Published online by Cambridge University Press: 05 January 2013
Over the last decade or so, a new dialogue has emerged between international relations (IR) theorists interested in the social creation of identity and who focus attention on the role of norms in international politics, and international law (IL) scholars for whom normative evolution is a stock-in-trade. These norm-interested IR thinkers have been labeled “constructivists.” Constructivists are interested in many questions, of which the social creation of norms is only one. However, because international law is, of its very nature, norm focused, it is a fascination with norm creation, evolution, and destruction that has proven to be the strongest bridging point between some IL theorists and the constructivists. This bridge will form the core of our analysis in this chapter.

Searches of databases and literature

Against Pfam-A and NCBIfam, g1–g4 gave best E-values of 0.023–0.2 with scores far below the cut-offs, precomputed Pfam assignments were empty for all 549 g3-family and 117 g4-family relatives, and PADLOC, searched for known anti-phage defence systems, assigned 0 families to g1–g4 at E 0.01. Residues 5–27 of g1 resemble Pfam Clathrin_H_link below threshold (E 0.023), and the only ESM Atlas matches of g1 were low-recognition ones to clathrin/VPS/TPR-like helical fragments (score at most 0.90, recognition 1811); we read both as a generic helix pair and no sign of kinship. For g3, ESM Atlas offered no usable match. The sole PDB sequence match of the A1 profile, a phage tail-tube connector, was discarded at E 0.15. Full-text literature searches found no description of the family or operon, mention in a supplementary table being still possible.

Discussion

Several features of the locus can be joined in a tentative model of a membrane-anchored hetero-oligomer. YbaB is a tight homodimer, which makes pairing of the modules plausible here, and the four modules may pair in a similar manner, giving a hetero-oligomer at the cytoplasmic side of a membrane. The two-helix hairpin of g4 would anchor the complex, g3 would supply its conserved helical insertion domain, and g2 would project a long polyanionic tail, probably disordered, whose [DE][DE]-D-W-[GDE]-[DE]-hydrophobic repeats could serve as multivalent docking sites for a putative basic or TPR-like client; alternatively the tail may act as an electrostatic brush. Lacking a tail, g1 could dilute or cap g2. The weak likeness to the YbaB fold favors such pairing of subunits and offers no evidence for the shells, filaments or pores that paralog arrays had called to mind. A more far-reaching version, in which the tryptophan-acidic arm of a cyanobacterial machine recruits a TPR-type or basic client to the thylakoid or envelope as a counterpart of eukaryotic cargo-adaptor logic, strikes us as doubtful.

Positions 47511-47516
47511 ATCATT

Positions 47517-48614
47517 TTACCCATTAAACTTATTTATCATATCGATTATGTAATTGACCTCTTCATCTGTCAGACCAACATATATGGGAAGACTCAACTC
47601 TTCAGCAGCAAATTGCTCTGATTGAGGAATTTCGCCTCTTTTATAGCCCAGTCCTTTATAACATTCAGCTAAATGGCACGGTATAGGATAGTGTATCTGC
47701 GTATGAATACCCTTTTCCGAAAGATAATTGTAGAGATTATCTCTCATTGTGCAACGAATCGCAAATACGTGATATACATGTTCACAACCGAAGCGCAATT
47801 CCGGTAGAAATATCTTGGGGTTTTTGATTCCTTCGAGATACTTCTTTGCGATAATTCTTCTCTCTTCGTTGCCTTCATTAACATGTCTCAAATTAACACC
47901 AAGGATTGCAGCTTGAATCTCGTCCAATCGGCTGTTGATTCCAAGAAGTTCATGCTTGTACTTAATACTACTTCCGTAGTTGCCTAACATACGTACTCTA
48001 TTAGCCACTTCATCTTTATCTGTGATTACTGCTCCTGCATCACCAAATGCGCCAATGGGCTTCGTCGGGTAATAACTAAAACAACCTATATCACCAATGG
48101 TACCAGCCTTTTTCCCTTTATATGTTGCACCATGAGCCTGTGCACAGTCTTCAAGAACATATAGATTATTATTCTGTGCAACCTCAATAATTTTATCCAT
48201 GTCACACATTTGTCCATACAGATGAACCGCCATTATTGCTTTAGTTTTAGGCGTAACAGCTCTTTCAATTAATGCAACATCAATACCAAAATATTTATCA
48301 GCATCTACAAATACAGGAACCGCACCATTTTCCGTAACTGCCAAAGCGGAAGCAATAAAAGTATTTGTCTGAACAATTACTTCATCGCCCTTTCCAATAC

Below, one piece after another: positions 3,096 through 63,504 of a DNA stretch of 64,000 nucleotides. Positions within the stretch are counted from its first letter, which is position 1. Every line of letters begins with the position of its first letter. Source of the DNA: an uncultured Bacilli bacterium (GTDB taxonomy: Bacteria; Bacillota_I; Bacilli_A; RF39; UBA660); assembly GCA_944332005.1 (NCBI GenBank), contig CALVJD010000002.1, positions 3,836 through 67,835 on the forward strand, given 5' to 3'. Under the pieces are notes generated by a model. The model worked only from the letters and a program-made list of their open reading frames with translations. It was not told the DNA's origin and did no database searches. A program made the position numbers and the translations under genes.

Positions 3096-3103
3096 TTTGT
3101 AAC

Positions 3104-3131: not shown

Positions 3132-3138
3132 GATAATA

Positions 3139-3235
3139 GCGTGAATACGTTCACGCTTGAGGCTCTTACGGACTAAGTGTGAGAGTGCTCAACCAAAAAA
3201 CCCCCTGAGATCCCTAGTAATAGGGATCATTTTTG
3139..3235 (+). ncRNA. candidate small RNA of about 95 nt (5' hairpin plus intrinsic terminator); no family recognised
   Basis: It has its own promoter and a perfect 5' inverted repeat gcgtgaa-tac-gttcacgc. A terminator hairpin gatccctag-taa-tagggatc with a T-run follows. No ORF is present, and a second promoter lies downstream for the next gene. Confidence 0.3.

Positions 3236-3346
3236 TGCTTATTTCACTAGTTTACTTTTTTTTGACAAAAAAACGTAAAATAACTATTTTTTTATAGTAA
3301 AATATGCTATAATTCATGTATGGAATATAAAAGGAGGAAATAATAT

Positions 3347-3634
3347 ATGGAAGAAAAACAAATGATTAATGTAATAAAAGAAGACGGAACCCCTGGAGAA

Because we focus considerable attention on how international lawyers and constructivists understand and deal with norms, it is useful to specify at the outset that, in the most general terms, “norms” are standards of behavior created through mutual expectation in a social setting. Many social norms are never transformed into legal norms. Moreover, the category of “legal norm” is not fixed. What norms will be included in the category depends on one's concept of law. For legal theorists called “pluralists,” there may be no significant distinction, for example, between “law” produced by state authorities and norms created by voluntary associations: each may or may not be effective in shaping behavior. For other international lawyers, often called “positivists,” legal norms can only exist when they are produced through fixed hierarchies, usually state hierarchies. It is their formal pedigree that creates legal norms, according to positivists; therefore law exists regardless of its link to “social norms.” As we will see, other theoretical perspectives fall between these two points, or draw upon elements of each, to produce competing explanations of how international law works.